Here's a picture of the rebate plane - I've put full step-by-step pics on my website. Hope you find them useful. Wooden planes are a real pleasure to make and an even bigger pleasure to use! Why is this?
Thinking about it I reckon its for two reasons. One, they are made out of our favorite material and feel warm and inviting in the hand. Low friction, smooth action.
Two, they are all specialised tools.
Why is that important? And isn't that really a negative thing?
The more I work wood the more I realise that tools that are specialised are the ones that work best. A side rebate plane trims the sides of rebates. Very well! It's not a lot of use for anything else but when you want to make a rebate slightly wider its your tool. It's the same for most tools - a smoothing plane is the only tool for final polishing of surfaces. You wouldn't use a jack for that. And at the same time you wouldn't use your smoother to reduce rough sawn boards to dimension.
So you can see that tools that are designed to do ne task, and do it very well are a quick and effective way to work. But does this mean you need a few tools in your tool chest? Yes, I guess it does. But if you are making them yourself it is not exactly breaking the bank, is it? Of course, if you ask Mr L-N to do it for you................... ;)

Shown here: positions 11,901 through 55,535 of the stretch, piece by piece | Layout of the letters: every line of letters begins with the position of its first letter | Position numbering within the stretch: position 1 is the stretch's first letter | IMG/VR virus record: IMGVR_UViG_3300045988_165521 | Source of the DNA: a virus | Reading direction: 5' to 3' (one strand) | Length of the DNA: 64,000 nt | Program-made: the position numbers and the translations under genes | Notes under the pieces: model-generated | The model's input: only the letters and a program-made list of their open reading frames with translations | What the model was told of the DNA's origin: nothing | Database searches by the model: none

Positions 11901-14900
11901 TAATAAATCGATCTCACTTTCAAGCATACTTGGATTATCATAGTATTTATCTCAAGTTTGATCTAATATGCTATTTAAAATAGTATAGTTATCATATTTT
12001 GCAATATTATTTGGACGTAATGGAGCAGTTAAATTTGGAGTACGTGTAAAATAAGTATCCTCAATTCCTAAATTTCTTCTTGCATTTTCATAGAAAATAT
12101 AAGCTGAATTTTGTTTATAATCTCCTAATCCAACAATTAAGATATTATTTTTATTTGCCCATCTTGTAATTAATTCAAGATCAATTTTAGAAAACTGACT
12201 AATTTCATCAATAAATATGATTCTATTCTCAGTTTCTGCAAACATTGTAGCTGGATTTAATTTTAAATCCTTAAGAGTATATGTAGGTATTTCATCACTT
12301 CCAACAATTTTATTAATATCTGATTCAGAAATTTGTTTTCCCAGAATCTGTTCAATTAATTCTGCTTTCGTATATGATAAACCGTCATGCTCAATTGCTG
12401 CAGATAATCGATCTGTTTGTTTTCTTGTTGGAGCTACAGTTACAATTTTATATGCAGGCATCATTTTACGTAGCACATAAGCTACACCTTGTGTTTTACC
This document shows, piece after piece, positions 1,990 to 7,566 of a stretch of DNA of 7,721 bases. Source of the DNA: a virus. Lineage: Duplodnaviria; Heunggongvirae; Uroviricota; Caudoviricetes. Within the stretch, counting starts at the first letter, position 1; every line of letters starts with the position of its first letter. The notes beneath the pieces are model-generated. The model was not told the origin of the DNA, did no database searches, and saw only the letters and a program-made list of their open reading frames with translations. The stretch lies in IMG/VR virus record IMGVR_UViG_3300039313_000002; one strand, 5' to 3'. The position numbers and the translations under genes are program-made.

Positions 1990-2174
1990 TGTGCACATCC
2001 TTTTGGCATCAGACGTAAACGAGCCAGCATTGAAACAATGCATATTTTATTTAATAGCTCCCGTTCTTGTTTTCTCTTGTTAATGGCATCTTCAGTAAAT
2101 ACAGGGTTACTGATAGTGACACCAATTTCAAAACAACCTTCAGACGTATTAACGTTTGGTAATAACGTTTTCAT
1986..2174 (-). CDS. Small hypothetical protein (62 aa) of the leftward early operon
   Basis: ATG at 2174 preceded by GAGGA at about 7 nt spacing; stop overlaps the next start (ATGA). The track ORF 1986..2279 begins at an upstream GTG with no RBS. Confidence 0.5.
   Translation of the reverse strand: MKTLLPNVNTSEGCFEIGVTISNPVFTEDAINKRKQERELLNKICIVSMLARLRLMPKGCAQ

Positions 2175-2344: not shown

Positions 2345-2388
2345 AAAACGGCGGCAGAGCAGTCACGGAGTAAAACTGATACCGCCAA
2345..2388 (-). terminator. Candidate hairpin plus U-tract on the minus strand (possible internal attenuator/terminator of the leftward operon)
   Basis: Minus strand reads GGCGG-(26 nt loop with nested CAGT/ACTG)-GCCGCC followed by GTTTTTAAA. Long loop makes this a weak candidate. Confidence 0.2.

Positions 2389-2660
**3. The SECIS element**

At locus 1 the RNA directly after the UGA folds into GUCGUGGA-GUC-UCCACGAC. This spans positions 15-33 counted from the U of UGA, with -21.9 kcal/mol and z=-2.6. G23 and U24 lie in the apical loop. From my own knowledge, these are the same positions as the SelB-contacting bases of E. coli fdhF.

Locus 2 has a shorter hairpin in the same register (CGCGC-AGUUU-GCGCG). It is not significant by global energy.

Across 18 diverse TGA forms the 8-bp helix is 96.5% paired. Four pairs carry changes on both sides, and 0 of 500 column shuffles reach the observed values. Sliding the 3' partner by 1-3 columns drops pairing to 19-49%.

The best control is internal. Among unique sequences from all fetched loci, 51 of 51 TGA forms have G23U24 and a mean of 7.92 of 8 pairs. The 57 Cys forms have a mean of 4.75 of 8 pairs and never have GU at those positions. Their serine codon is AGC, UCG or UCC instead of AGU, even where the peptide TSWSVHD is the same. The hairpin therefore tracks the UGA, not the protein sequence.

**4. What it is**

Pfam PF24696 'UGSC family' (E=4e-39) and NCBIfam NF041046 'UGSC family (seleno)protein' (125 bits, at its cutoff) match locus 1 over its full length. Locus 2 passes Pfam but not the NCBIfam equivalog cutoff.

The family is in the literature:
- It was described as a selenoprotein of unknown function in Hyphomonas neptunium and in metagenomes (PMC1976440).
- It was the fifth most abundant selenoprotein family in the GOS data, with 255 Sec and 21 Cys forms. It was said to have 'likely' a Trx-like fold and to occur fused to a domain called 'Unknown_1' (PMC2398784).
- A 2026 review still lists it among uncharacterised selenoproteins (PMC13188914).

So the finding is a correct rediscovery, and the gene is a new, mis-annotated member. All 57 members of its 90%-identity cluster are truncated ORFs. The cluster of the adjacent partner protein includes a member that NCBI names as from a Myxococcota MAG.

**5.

On another note - I finally took my 1/8th side bead plane out of the freezer (Remember I found some worm holes on the side? It was having the deep freeze treatment to kill off any nasties). Well, I took it out and let it acclimatise to the workshop. Upon removing the clingfilm I managed to knock an egg out of one of the holes. So it was a good thing I got it in the freezer quickly! Needless to say the egg is now dust.
A quick hone of the iron and the side bead was pressed into action. And it worked great -I'm a happy chappy! It does one thing (make a 1/8 wide bead on the edge of a board) but it does it splendidly! Cue satisfied feeling...........;)
Monday, February 12, 2007
I got home at about 6pm and then had to go straight out to play with my Band. Bed at 2:30am........a tired boy indeed!
Sunday was "family day". You know, making up for all that fun ;) No woodwork that day but I have made up for it.
Finished another plane, a simple beech rebate plane this time. I do enjoy making wooden planes, such fun, and a real joy when you see them working. Need to make some more hollow and rounds to fill out my , ah, toolchest. Nearly said the "C" word then.....;)